After unveiling his formal review of the White House strategy in Afghanistan Thursday, President Obama admitted that the war “continues to be a difficult endeavor,” but stated that “we are on track to achieve our goals.” 2010 has been the deadliest year of the war in Afghanistan.
“As I said when I visited our troops in Afghanistan earlier this month, progress comes slowly and at a very high price in the lives of our men and women in uniform,” Obama said during a press conference Thursday. “In many places, the gains we’ve made are still fragile and reversible. But there is no question we are clearing more areas from Taliban control and more Afghans are reclaiming their communities.”
The White House review emphasizes the need to eliminate safe havens for Taliban insurgents on Pakistan-Afghanistan borders, and states that the White House and Secretary of State Hillary Clinton plan to “strengthen … dialogue with both Pakistan and Afghanistan on regional stability.”
However, such dialogue-strengthening may be impossible under the current circumstances, according to foreign policy analyst and Boston University professor Stephen Kinzer, who disagrees that progress can be made in America’s relationship with Pakistan. “Pakistan is an American ally the way that Saudi Arabia is an American ally,” Kinzer said. “They help us fight our enemies, but they also help our enemies fight us.”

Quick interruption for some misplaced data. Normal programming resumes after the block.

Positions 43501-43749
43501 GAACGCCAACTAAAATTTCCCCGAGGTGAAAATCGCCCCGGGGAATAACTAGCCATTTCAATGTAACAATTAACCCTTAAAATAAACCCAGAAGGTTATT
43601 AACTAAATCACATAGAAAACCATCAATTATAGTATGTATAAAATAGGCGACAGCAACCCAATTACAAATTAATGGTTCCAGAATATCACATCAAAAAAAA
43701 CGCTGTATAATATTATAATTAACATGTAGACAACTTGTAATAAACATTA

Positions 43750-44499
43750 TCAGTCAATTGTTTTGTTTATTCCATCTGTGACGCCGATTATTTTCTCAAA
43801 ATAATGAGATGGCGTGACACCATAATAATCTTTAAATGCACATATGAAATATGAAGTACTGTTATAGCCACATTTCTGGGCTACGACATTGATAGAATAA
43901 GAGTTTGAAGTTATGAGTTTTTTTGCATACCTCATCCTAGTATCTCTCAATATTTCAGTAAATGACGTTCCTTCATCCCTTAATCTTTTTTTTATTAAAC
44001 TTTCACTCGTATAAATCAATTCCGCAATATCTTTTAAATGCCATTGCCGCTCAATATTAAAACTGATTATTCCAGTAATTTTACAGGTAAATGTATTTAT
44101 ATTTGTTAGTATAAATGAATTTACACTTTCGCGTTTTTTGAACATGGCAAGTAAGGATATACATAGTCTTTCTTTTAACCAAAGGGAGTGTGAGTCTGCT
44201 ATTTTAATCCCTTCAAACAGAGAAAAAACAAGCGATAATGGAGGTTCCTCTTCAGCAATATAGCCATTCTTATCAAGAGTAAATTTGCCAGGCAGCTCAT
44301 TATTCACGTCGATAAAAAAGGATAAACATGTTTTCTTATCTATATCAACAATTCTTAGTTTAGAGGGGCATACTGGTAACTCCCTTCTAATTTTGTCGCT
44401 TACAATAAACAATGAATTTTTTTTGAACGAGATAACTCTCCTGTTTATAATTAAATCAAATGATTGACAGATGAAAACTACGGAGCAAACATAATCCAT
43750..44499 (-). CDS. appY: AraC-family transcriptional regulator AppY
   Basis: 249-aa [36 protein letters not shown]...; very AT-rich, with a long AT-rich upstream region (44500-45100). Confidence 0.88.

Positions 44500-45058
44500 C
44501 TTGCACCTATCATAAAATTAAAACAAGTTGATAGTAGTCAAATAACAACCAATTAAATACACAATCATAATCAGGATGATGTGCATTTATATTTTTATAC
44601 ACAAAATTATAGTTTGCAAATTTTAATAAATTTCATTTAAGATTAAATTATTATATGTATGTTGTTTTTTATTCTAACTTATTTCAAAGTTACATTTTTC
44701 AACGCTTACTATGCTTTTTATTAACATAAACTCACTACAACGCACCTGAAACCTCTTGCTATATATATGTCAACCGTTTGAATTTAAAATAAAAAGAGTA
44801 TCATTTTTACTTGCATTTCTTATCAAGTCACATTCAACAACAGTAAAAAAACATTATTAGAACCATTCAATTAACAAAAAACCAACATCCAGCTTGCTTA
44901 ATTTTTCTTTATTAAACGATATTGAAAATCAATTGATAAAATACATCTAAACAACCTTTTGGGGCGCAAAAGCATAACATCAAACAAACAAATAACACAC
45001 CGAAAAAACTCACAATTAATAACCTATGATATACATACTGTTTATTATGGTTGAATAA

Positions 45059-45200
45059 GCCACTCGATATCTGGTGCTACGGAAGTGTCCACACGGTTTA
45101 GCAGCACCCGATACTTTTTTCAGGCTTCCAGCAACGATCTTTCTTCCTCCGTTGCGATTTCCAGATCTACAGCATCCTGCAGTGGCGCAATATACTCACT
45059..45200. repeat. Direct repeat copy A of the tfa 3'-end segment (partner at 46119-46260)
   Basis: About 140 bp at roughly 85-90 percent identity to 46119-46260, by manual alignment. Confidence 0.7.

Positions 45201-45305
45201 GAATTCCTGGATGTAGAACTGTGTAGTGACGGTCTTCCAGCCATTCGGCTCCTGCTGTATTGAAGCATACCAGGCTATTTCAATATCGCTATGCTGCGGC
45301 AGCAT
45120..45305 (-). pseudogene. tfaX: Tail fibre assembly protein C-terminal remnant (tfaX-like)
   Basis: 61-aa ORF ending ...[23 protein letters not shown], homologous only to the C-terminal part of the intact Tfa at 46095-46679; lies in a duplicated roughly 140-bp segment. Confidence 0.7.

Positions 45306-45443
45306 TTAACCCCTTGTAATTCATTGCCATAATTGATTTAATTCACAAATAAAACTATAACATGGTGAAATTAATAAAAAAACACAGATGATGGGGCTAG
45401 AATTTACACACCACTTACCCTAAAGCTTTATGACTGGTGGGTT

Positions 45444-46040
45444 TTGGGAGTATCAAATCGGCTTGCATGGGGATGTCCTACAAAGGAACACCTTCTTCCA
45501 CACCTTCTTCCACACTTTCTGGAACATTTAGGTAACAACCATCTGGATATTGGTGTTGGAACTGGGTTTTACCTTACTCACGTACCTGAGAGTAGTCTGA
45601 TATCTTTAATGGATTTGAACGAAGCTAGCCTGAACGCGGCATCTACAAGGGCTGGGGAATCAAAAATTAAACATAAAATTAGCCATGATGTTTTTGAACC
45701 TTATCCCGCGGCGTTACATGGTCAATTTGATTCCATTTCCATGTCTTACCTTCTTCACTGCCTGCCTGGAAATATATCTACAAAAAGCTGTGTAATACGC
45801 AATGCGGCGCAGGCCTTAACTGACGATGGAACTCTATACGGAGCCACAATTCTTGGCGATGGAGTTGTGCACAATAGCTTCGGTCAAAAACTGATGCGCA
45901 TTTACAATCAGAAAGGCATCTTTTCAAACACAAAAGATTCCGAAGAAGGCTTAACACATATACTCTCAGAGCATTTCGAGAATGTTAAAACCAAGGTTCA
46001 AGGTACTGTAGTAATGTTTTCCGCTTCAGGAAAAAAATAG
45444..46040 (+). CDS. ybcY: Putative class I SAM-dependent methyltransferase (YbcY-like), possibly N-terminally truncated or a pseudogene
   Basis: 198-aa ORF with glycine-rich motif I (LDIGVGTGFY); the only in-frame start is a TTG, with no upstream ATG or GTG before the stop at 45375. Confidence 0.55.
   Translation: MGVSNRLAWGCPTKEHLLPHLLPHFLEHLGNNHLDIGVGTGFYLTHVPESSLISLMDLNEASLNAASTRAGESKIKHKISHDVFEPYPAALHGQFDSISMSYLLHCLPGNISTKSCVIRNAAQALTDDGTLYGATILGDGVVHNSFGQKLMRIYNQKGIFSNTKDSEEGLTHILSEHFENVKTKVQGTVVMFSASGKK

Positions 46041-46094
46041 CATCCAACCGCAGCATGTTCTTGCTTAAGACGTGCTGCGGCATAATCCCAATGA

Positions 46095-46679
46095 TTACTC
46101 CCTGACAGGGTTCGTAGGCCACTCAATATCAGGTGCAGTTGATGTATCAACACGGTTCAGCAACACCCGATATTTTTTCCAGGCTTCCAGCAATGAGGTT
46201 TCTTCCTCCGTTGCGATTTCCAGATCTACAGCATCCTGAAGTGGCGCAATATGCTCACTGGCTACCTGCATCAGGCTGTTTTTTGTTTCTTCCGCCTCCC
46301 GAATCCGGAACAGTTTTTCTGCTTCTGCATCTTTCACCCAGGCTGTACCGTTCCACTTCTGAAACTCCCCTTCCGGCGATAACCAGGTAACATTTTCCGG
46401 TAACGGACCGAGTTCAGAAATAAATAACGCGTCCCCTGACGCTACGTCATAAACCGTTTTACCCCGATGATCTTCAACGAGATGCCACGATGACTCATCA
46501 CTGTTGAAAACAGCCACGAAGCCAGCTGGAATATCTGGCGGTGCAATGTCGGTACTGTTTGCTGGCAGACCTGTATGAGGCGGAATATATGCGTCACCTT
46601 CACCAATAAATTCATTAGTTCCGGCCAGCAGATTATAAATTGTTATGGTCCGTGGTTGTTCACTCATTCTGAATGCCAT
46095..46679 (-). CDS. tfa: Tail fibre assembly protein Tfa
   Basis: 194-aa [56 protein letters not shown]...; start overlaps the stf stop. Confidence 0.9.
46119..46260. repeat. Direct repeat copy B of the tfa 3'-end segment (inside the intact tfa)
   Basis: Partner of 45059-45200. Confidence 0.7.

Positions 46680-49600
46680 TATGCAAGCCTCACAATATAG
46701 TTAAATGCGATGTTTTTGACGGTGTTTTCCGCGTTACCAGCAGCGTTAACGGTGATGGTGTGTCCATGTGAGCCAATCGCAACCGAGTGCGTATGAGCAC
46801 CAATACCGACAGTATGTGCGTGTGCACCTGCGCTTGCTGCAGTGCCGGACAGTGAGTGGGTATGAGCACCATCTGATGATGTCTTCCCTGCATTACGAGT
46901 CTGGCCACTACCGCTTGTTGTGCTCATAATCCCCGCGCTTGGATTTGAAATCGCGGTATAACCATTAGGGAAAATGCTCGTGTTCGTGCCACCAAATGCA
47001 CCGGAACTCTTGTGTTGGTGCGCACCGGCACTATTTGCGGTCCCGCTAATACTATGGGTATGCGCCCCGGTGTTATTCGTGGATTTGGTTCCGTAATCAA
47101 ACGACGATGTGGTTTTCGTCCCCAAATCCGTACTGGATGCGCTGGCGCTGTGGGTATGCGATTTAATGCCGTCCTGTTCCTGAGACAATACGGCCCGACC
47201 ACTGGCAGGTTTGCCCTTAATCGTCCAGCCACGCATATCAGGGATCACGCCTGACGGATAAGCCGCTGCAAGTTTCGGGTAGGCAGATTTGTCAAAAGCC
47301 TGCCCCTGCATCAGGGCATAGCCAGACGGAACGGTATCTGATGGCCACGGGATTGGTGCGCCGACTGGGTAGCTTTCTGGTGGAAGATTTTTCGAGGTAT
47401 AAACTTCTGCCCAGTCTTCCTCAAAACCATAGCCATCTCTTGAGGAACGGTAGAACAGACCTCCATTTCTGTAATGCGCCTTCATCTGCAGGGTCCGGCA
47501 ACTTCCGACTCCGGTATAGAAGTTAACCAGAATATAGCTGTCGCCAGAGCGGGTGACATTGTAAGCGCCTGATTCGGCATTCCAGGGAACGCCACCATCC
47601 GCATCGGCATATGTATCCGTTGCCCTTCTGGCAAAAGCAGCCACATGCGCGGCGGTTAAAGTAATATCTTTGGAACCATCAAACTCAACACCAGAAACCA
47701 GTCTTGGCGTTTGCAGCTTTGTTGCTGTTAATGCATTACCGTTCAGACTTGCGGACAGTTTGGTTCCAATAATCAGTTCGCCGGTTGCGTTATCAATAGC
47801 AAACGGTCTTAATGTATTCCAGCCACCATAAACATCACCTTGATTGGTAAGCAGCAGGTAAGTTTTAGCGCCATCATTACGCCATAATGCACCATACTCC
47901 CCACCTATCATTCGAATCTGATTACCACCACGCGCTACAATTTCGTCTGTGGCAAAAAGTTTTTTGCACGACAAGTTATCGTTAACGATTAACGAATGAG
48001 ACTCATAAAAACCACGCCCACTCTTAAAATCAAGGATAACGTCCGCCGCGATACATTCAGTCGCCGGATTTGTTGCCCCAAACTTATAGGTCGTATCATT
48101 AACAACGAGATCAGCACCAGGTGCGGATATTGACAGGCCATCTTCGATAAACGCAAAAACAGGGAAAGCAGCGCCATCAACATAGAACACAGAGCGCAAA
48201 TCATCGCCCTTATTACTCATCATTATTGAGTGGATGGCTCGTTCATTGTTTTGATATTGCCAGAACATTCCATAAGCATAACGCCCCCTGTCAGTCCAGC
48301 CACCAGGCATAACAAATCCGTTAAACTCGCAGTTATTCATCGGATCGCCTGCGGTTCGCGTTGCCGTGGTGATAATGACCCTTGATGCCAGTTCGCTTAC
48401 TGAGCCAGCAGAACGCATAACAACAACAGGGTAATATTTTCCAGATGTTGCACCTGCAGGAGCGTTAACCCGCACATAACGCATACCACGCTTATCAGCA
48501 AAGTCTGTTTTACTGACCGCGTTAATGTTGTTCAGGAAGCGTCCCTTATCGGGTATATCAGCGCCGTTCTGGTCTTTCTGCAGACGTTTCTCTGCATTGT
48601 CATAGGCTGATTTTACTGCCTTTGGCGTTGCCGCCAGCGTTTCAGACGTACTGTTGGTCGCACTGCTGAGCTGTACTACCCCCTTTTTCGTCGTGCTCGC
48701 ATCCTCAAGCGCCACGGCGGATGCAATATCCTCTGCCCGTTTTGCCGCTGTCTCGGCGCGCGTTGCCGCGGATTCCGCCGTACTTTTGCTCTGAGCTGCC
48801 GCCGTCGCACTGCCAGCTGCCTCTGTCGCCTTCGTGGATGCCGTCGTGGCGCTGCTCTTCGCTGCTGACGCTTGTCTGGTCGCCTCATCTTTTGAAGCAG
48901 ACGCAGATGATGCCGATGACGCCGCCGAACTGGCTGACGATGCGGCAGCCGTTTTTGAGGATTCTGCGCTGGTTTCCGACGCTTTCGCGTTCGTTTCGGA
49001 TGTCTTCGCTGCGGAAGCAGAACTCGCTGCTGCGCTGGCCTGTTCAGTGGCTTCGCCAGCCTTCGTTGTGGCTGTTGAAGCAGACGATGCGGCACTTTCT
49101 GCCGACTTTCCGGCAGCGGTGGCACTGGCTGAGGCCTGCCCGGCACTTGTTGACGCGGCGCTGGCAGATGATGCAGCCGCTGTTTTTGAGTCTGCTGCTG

“Countries act on behalf of their interests,” he continued. “It’s Pakistan’s perceived interest that it must have a friendly government in Afghanistan. If the Taliban is run out, that would be bad for Pakistan…. We’re ignoring the fundamental contradiction of our relationship with Pakistan. Their long-term strategic interests are different from ours,” Kinzer said.
According to President Obama, new, more effective relations with Pakistan “must continue to be advanced by effective development strategies,” in order to root out Taliban insurgents. However, this type of foreign policy transformation is nearly unprecedented, according to experts.
“Not much will change in the odd triangular relationship between the US, Pakistan and Afghanistan,” Kinzer said. “We formed these alliances in a different era, and we’re very bad at re-conceiving our foreign policy.”
Kamran Bokhari, regional director for the Middle East and South Asia for the global intelligence company Stratfor, told Reuters that negotiating with the Taliban will require intelligence from Pakistan, but that the country will likely remain unresponsive. “I just don’t see what kind of further pressure the Americans can place on the Pakistanis,” Bokhari said. “It’s sort of a risky thing. On one hand, you’ve got to get more cooperation from the Pakistanis. But on the other hand, you don’t want to apply too much pressure that leads to tensions with the [Pakistanis] that undermine the whole strategy.”